By 1999, when six students enrolled, EMS was only the third seminary in the United States to host CPE (it was initially a Satellite Center under the UVa Health System’s Department of Chaplaincy Services). Later that year, Kenton Derstine became the program’s first (and until recently, only) director.

Recognition of first director’s leadership

At the banquet, Derstine recalled his own personal connection to Norman Yutzy, who was his pastor at Souderton Mennonite Church in Pennsylvania. “I was a teenager then and he would often stop to purchase milk at our farm and get into lengthy conversations with my father about church matters … Even now, I still marvel at the mystery of how our paths would cross later.”

The evening included recognition of Derstine’s long contributions to the program and his “strong and visionary leadership,” Yoder said. Under his guidance, the program is now accredited to offer units of Level I and II and Supervisory CPE. Initially EMS developed relationships with Rockingham Memorial Hospital (now Sentara RMH) and the Virginia Mennonite Retirement Community (VMRC) for clinical placements. Opportunities have expanded to Sunnyside Presbyterian Retirement Community and the Bridgewater Retirement Community.

New director Penny Driediger, who has been serving as a clinical educator since 2010, is also a staff chaplain at Rockingham Memorial Hospital. 

On the occasion of the program’s 20th anniversary, Derstine has been able to reconnect with many past students. “It has been gratifying to learn how so many alumni have gone on to serve as transformative ministers and leaders in a wide variety of ministry contexts, noting the value of their CPE experience for their life and ministry,” he said. “In sum, I think it remarkable how one person’s transformative experience in CPE birthed a vision to multiply that experience for others, generating a vision and resources that when joined to that of  others has produced this powerful legacy.”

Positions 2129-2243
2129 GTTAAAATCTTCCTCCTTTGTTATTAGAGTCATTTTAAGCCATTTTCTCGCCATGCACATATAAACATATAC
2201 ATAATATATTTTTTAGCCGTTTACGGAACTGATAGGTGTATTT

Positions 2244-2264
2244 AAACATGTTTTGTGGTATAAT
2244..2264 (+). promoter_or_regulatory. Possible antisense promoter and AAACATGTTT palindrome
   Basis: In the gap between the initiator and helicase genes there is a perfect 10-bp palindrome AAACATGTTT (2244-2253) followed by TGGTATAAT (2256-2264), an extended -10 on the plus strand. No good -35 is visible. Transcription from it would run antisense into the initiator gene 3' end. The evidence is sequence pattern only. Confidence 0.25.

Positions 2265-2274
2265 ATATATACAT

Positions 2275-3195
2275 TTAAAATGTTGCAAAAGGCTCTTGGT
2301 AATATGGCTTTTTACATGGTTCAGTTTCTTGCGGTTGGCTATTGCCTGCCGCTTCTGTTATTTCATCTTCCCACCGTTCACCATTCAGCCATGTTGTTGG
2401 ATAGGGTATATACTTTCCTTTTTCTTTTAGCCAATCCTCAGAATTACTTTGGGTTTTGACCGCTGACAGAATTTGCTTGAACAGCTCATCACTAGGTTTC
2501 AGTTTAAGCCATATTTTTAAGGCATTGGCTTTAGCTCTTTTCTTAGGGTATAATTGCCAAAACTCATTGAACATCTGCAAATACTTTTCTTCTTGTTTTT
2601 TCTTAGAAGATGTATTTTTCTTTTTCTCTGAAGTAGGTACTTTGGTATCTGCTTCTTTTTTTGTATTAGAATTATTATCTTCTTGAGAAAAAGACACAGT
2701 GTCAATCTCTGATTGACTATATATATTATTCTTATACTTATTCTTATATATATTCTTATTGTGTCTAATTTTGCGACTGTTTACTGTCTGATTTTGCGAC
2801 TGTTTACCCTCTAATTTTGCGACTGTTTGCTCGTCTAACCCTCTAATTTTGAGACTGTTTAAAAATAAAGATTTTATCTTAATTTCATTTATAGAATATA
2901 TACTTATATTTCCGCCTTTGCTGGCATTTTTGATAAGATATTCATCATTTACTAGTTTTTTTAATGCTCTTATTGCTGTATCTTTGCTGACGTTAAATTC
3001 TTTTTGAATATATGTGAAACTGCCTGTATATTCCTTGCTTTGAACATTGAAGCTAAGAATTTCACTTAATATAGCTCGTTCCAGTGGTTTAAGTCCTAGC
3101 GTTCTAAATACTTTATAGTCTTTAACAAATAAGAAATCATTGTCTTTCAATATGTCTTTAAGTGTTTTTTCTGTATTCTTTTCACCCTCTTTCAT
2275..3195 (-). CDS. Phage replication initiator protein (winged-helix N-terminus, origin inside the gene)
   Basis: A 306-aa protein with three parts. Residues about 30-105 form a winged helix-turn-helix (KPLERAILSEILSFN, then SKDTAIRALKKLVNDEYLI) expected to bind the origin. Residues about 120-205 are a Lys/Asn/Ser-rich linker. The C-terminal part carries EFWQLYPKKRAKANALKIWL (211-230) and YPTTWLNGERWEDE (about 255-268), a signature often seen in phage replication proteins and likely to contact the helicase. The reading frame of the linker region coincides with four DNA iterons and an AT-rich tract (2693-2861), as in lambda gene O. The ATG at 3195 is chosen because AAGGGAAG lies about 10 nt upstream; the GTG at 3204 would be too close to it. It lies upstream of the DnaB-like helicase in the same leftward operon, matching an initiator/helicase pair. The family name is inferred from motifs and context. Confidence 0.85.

*CPE had been offered at the seminary before. An extended unit of CPE was offered for more than 10 years from EMU Lancaster, with internship settings at Landis Homes in Lititz, Pa., and Garden Spot Village, in New Holland, Pa.

Additionally, from the Harrisonburg campus, from 1980-83, Will Agee (based at Western State Hospital in Staunton) supervised three units of CPE at Rockingham Memorial Hospital for EMS students and others. This involved 23 interns over the three-year period.